Background and Objective: Drug resistance and adverse effects are immense healthcare challenges
in cancer therapy. Benzimidazole ring-based small molecules have been effective anticancer agents in drug
development. In an effort to develop novel chemotherapeutics, we synthesized and assessed the anticancer and
antibacterial activities of a small library of structurally unique benzimidazoles.
Methods: The benzimidazoles were derived from indole, N-alkyl indole, fatty acid, and alpha-amino acid scaffolds
providing a panel of diverse structures. The compounds were tested in three different cancer cell lines for
cytotoxicity: HepG2 (human hepatocellular carcinoma), HeLa (human cervical carcinoma), and A549 (human
lung carcinoma). Mechanism of cell death induced by benzimidazoles was evaluated using fluorescent
dye-based apoptosis-necrosis assay, immunoblotting for active caspases, topoisomerase-II activity assay, and
cell cycle assay.
Results: Cell viability testing revealed that indole- and fatty acid-based benzimidazoles were most potent followed
by the amino acid derivatives. Many compounds induced cytotoxicity in a concentration-dependent manner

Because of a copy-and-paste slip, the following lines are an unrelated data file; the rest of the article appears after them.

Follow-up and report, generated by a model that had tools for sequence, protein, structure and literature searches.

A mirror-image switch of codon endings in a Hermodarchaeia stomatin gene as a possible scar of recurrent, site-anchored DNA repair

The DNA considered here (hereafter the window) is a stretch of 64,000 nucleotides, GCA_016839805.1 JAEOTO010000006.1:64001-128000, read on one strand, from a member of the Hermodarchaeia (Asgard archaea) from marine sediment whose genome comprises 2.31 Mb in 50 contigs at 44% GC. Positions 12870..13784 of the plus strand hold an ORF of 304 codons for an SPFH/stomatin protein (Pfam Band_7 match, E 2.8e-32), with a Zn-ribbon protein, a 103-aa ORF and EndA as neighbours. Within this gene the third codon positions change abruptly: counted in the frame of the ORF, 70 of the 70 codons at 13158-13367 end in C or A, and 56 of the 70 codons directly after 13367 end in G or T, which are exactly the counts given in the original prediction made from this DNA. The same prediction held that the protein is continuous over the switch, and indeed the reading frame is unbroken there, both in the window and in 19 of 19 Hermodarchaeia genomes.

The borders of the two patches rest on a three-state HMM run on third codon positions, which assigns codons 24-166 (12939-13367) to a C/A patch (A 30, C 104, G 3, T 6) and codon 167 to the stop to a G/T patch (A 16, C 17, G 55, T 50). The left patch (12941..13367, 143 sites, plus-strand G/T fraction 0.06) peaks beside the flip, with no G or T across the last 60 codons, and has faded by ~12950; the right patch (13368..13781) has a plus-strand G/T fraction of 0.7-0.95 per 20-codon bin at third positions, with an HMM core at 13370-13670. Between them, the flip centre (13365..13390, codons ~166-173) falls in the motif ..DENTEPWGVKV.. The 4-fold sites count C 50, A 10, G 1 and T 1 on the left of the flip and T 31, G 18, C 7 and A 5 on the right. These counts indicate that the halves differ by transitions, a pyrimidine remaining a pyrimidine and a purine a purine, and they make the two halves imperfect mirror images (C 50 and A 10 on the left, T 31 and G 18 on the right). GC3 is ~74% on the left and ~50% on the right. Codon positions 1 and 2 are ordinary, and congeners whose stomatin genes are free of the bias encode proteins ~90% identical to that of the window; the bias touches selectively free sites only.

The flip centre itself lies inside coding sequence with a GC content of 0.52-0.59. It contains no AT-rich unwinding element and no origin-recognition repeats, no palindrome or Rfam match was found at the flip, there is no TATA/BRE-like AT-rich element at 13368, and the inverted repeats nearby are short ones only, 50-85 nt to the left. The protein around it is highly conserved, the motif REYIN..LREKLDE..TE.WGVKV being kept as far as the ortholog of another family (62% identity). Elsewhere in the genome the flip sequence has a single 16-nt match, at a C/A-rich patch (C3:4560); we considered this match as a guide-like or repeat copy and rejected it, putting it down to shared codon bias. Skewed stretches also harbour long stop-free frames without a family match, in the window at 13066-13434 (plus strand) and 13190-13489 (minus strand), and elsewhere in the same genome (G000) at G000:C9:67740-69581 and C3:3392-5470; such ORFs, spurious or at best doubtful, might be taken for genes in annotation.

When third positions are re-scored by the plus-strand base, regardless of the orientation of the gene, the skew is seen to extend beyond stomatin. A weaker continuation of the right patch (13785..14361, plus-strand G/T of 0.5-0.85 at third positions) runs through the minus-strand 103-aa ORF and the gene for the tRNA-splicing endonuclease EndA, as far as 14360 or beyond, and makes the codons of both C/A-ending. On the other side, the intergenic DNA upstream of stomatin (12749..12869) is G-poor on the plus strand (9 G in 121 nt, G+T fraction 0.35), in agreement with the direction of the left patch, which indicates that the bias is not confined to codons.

with cellular cytotoxicity (CC50) <20μM in the cell lines tested. Most compounds exhibited cytotoxicity via
apoptosis through the intrinsic pathway. Inhibition of topoisomerase activity and cell cycle alterations were not
the primary mechanisms of cytotoxicity. In addition, several compounds showed promising activity against S.
aureus and S. epidermidis (Minimum Inhibitory Concentration (MIC) of as low as 0.04μmol/mL).
Conclusion: The reported benzimidazole derivatives possess promising anticancer and antibacterial properties.
Additionally, we discovered apoptosis to be the primary mechanism for cancer cell death induced by the tested
benzimidazoles. Our findings suggest that further development of these scaffolds could provide drug leads towards